The initiative stems from a concern that the use of mediation to resolve international disputes has been impeded by the fact that, unless a settlement reached via mediation is in the context of a pending arbitration and can be converted into an arbitral award, parties can only enforce it in the same way as any other contract. In an international context, this can involve potentially difficult (and usually lengthy) processes to obtain a court judgment and then enforce it in a foreign jurisdiction.
Whilst problems of enforcement of mediated settlements have been sparse in practice (certainly compared to court judgments or arbitral awards), the Convention will no doubt add credibility to mediation as an international dispute resolution process. It will also make mediation particularly well suited to cross-border disputes. At the Global Pound Conference series, delegates in Asia, Africa, the Middle East and Latin America all revealed a desire for legislation or conventions to promote the recognition and enforcement of settlements. This may reflect the varied and complex legal and political frameworks in these regions. Many of those surveyed manage businesses and disputes across several borders, where legal regimes can vary from stable, tested and familiar to those that are only a decade old. The call for regulation and certainty is even more critical as the pace of development intensifies through new trade treaties and investment, and massive initiatives such as the Belt and Road. The Convention and Model Law look set to respond well to this demand and may hail an inflection point for the use of mediation in these developing regions.
Materials approved on 26 June have not yet been made available on the relevant UNCITRAL webpage. However they will in due course be posted on this page, which currently contains the most recent drafts (from February 2018) together with other details of the initiative.
The UNCITRAL working group that has for several years now been considering the potential for an international enforcement regime for international mediation has now completed its work and produced draft instruments.
At its most recent meeting in New York, the UNCITRAL Working Group II (Dispute Settlement – formerly Arbitration and Conciliation) approved a draft convention and a draft amended Model Law on international settlement agreements resulting from mediation. Continue reading
The EU Parliament has adopted a Resolution on the implementation of the EU Mediation Directive (2008/52/EC), containing recommendations aimed at increasing the use of mediation in civil and commercial disputes throughout the EU.
The Resolution follows a 2016 report by the EU Commission which concluded that, overall, the Mediation Directive had added value, particularly by prompting significant legislative changes in several Member States. No revision of the Directive itself was recommended. However, the report noted continuing difficulties with the functioning of many of the national mediation systems in practice. These were attributed principally to the lack of a “mediation culture” in many Member States, insufficient knowledge of how to deal with cross-border cases, the low level of awareness of mediation, the functioning of quality control mechanisms for mediators and a reluctance by courts to propose mediation.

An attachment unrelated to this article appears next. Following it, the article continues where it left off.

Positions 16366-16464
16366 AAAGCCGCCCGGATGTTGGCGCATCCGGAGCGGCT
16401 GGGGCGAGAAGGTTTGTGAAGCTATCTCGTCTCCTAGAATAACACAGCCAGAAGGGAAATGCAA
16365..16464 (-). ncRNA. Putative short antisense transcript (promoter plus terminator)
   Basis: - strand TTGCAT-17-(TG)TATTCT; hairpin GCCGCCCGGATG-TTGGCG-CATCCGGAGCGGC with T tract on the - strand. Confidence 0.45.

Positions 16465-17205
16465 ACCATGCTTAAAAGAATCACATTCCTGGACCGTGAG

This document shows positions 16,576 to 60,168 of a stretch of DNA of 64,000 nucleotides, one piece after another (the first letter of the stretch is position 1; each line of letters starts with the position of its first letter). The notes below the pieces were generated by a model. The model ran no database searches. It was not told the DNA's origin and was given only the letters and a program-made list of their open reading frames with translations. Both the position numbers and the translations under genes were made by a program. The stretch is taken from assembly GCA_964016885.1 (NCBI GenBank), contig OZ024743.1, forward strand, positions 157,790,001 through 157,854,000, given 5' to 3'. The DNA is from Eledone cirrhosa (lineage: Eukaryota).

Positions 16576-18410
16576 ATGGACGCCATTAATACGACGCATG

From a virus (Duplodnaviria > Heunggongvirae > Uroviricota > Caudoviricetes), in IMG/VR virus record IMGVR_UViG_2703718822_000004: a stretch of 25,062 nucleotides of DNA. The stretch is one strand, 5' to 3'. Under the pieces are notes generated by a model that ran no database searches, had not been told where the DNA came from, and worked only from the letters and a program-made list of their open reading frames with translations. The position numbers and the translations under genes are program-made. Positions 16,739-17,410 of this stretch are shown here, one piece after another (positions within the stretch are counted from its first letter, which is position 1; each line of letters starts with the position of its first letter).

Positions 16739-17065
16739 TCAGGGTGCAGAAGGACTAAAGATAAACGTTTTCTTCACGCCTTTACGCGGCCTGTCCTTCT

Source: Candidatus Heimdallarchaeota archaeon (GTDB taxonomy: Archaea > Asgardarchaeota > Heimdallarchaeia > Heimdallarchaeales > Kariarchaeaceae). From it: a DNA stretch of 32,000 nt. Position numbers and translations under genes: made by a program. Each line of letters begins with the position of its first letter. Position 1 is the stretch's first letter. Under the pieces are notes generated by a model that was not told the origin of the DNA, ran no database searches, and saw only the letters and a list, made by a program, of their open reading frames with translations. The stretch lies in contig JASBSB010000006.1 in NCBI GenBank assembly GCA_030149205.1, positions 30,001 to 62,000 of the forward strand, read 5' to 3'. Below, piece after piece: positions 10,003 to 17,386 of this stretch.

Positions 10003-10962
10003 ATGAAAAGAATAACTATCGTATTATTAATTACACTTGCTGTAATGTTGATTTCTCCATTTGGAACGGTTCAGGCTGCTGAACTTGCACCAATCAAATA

In response, Parliament has made the following recommendations:
- EU Member States should step up their efforts to encourage the use of mediation in civil and commercial disputes, such as through information campaigns, improved cooperation between legal professionals and an exchange of best practices.
- The Commission should assess the need to develop EU-wide quality standards for the provision of mediation services.
- The Commission should assess the need for member states to establish national registers of mediated proceedings. (subject to data protection rules).
- The Commission should undertake a detailed study on the obstacles to the free circulation of foreign mediation agreements across the EU, and on options to promote the use of mediation.
- The Commission should find solutions to extend the scope of mediation to other civil or administrative matters.
We will report on any steps to implement these recommendations in due course.
The EU Commission has launched a consultation to gather views on the extent to which the EU Mediation Directive (2008/52/EC) has achieved its objectives and to consider whether any changes to the Directive are appropriate.